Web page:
MB: Do the actors write, or the writers act? Are directors part of the group, or do they rotate/change for each show?
TE: We definitely have a couple of writer/performers in the group, especially Jamaal Sedayao and Kevin Cobbs. They’re great because they know how to write so well for themselves as well as the other actors in the group. And Jamaal can pull from his Brazilian (I think?) background to give the show some diversity. We have one director (Nick Benaquista) who directs all the Company 29 shows. It’s a big asset having Nick direct multiple shows because he’s developed a great sense for the different writing and performance styles we have, and he can use that when he’s working to build beats and work on characters in rehearsals.
MB: What is the writing process?
TE: When we first start working on a new show, the writers will get together to pitch ideas for a theme or structure to the show (like setting the whole show in the world of a public school, as we did with PS2012). Once we’ve settled on the theme, we’ll starting pitching sketch ideas or looking at sketches that people have that could potentially work for the show, and discuss which actors would be the best to play which parts. Over the next few we’ll work as a group pitching jokes, editing the sketches, and tweaking the material to make it work for the actors. So it’s collaborative in that sense, but the onus is really on the individual writers to own their material. We don’t write too many sketches together as a group, but we all work together to make sure the sketches work for the show we want to put on. Once we have enough material, we’ll choose the sketches we want to use in the show, put together the running order, and all that good stuff.
MB: What’s the timeline of putting a show together, from conception to show time?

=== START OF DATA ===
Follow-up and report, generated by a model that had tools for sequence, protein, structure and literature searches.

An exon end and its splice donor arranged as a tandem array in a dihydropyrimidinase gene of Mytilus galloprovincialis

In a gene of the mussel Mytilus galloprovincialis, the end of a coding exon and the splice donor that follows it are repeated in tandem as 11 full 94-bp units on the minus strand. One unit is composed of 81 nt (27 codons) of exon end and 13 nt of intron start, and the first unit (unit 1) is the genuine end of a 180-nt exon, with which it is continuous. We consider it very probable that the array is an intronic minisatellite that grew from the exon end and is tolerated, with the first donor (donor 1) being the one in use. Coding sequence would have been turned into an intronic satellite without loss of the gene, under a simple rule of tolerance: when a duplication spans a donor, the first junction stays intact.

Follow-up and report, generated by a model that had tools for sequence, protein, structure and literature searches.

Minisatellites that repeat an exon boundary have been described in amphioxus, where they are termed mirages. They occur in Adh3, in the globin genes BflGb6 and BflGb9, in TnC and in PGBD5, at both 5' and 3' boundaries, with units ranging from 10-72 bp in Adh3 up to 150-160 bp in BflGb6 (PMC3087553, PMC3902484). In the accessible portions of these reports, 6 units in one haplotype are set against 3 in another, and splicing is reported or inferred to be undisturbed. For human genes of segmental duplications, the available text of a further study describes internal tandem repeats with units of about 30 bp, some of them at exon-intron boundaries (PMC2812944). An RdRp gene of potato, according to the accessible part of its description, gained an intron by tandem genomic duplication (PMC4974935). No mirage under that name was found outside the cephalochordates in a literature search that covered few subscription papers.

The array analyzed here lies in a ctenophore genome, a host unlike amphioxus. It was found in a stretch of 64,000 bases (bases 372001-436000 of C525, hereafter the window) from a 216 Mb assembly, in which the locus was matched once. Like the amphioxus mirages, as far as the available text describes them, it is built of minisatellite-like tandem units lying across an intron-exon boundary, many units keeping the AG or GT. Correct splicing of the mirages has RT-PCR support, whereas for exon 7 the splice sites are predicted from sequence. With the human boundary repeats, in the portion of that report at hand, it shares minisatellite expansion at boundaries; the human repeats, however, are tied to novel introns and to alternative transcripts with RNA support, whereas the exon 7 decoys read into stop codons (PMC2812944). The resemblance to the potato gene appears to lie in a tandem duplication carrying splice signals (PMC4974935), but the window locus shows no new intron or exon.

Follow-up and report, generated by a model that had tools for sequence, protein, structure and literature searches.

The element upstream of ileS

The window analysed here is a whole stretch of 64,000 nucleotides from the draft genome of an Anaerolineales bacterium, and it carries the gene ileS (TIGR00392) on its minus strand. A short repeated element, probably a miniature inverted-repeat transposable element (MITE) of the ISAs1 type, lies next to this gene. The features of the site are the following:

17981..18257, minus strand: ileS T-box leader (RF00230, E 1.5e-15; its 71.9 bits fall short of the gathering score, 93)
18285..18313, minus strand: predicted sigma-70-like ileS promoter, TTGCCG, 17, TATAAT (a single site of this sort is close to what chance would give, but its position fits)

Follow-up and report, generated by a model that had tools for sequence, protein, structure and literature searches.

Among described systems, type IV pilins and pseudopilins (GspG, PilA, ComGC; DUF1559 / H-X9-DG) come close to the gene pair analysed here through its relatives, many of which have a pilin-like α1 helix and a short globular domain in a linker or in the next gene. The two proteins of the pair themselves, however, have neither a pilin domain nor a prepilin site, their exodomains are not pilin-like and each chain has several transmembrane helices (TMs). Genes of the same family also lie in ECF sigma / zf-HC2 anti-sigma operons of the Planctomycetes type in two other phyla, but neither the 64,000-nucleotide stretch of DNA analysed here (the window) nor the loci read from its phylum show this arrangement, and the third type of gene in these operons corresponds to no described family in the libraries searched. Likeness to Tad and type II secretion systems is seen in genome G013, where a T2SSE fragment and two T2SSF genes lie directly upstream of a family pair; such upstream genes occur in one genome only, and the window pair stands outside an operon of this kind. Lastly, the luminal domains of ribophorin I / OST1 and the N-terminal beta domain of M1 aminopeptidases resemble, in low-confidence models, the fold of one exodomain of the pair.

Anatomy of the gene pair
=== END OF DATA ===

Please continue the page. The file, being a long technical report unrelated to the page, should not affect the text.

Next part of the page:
TE: Usually about 2 months. We like to have about three weeks to write and edit and then a little over a month for rehearsals, since scheduling rehearsals for a cast this big and this busy is obviously difficult, and we want to have enough rehearsals for each sketch.
MB: Was there anything you learned In the process of putting together the first Company 29 show, that you decided to do differently for this upcoming show?
TE: We’re not going to do the character bits that we did with PS2012 this time around. They were funny as character pieces in the last show, but they disrupted the flow of the whole piece. This time, we’re following a more standard sketch revue structure.
MB: Will there be rolling auditions/submission invitations for folks who are interested in joining Company 29?
TE: We’ve had the same cast for the last two shows, and they’re fantastic. We don’t have any plans to hold big auditions in the near future, but we’re always looking to add people here and there. We brought Justin Peters on for this show because we needed someone to play a racist ex-minor-league baseball player, which seemed right in his wheelhouse. We’re bringing on a couple of new writers for the next show as well, and are always looking for more sketch-writers who like the style of sketch that we do.
MB: Why “America!”?
TE: The idea really came from the fact that for a little while we thought about doing a political theme for the next show. The more we batted the idea around, the more sketch ideas came up that centered on general Americana, beyond just politics. It seemed like a really fun and relatable theme to play with, so that’s where we went. We ended up with sketches about Ellis Island, Johnny Appleseed, Ira Glass, Kenyan marathon runners, and, interestingly enough, nothing about politics. Which is probably for the best. I don’t think anyone really likes political sketch comedy. Not enough silly voices.
Company 29 is proud to be sponsored by Sixpoint Craft Ales. Based in Brooklyn, Sixpoint is an innovative craft brewery that makes bold and delicious beers. It is also committed to supporting local creative endeavors, and Company 29 is thrilled to have them as a sponsor. For all you craft beer lovers, Sixpoint is having beer specials at the Magnet for opening night on Friday. Drink up and enjoy the show!
Photos: M.Woody Fu
- Amanda Hirsch
- Beth Newell
- Catherine Wing
- christian paluck
- Company 29
- Craft Beer
- Jamaal Sedayao
- jason scott quinn
- justin peters
- Kevin Cobbs
- lauren olson
- Mike Barry
- Nick Benaquista
- nick kanellis
- Opening Night
- Paul Barker
- peter mcnerney
- Rachel Rauch
- Ross Taylor
- ruby marez
- sketch show
- Tim Eberle
- willy appelman